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Panel urges better separation of science and politics in federal agencies

A panel of ideologically diverse scientific and regulatory experts recommended Wednesday that firm rules be established to keep politics from overriding science when federal agencies, such as the Food and Drug Administration and the Environmental Protection Agency, are devising their regulations.

Good luck with that.

Call me cynical, but for too long (the last eight years in particular), science has been shoved aside — sometimes brutally — to make room for various political agendas.

The shoving match between science and politics has been damaging for a host of reasons, as the panel of experts acknowledges in its executive summary:

Such conflict has left the U.S. with a system that is plagued by charges that science is being “politicized” and that regulation lacks a solid scientific basis. As a result, needed regulation may be stymied, dubious regulations may be adopted, issues can drag on without conclusion and policy debate is degraded. Moreover, the morale of scientists is weakened, and public faith in both government and science is undermined.

(I’m puzzled by why the panel put politicized in quotes. Are they implying that such politicization isn’t real, that it’s only in some people’s minds?)

Politically motivated attacks on science have also contributed, I believe, to the dire state of science literacy among Americans.

Full disclosure
The report was published by the Bipartisan Policy Center, which was founded by several former senators, including Tom Daschle (D-S.D.) and Bob Dole (R-Kansas). The 13 members of the Center’s Science for Policy Project, which issued Wednesday’s recommendations, include former Rep. Sherwood Boehlert (R-N.Y.), who chaired the House Science Committee; Donald Kennedy, a past president of Stanford University and former editor of Science magazine; Arthur Caplan, director of the Center for Bioethics at the University of Pennsylvania (and former director of the University of Minnesota’s Center for Biomedical Ethics); and Sherri Stuewer, a vice president at Exxon Mobil (who, interestingly, has donated money to Rep. Joe Barton (R-Texas), an outspoken denier of the overwhelming science on the human causes behind global warming).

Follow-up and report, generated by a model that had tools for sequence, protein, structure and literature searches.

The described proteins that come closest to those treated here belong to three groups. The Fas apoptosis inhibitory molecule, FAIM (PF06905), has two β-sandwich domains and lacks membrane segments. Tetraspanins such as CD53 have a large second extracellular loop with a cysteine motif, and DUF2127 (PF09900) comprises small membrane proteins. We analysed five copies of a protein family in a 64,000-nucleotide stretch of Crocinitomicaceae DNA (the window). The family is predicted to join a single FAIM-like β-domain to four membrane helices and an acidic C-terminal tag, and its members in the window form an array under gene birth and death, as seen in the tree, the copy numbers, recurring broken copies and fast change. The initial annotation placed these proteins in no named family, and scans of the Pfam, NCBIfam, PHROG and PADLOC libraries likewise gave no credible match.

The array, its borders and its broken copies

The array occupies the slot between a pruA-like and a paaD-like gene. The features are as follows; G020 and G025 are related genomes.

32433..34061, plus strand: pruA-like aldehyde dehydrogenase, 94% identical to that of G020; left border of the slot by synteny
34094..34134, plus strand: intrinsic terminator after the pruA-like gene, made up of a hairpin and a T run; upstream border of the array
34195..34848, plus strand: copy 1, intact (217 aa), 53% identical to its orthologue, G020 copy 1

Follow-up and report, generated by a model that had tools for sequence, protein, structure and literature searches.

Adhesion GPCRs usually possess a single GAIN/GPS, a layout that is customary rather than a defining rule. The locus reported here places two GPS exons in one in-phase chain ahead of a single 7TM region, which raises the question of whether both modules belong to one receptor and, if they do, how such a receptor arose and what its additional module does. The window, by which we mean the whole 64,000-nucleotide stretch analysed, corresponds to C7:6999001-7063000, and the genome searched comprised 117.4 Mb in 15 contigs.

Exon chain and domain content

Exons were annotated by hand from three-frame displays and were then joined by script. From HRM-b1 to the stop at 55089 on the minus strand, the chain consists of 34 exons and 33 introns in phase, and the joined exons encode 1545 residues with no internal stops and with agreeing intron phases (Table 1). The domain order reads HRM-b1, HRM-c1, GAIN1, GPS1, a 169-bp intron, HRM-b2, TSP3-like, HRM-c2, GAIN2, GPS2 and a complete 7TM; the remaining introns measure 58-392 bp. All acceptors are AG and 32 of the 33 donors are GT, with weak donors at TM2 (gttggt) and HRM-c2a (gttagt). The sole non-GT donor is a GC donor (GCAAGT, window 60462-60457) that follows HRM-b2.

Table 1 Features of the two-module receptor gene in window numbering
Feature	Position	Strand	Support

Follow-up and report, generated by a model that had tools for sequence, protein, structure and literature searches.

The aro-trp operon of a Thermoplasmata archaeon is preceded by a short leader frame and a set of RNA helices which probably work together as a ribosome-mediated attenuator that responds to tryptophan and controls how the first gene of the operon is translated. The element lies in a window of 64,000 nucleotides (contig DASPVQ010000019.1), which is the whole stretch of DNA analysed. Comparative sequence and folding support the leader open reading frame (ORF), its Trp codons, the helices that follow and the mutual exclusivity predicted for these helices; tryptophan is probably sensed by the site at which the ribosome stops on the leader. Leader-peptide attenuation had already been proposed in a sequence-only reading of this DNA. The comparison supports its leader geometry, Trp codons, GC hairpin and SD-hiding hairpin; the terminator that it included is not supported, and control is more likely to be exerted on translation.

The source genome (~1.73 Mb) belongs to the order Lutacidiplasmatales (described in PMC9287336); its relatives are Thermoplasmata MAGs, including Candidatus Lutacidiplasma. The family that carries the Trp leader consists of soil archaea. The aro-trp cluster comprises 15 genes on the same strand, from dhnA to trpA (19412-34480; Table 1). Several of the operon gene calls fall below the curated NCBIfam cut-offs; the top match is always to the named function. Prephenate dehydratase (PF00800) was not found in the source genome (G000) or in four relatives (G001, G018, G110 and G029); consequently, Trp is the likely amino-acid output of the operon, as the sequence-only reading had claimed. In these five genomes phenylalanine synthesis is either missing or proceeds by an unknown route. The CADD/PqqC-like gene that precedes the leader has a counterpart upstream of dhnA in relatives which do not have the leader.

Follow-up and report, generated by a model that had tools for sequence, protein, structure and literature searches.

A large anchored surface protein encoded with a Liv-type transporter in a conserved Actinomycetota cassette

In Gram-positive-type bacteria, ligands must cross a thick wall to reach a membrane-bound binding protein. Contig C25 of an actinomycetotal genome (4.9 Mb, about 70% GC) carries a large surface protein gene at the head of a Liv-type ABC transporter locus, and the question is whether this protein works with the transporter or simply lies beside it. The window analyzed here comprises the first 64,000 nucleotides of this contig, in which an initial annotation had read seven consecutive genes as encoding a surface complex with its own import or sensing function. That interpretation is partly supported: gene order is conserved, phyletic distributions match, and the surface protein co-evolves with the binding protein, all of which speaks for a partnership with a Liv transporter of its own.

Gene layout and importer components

You can read a press release summary of the panel’s recommendations here or download and slog through the full report here. In general, the report calls for more transparency and disclosure from the advisory committees that are formed to help federal agencies make their policy decisions.

Can such lofty goals be achieved? The industry pushback is already starting. Note the quote from a former Bush administration official and current energy industry lobbyist in this Greenwire article on the panel’s recommendations:

Advisory committees that exclusively review science questions should generally consist only of members with relevant scientific experience, the report says. The authors suggest that these panel members should be categorized as “special government employees,” making them subject to conflict-of-interest and other ethics rules.
But that could be problematic, said Jeff Holmstead, who served as EPA’s air chief during the Bush administration [and who currently works for the Washington law firm Bracewell & Giuliani, which lobbies for energy companies]. While an adviser’s ties to industry should be transparent, he said, such a measure could disqualify some of the most capable scientists.

Again, call me cynical.

Comments (1)

  1. Submitted by Bernice Vetsch on 08/08/2009 - 04:39 pm.

    One of the practices contributing to this problem is that Bush appointees chosen for their pro-corporate/anti-science/anti-environmental views had their jobs reclassified by Mr. Bush to make them Civil Service employees.

    They are still, so to speak, “serving” Mr. Bush’s ideology, but cannot simply be replaced with new appointees of Mr. Obama’s choice.

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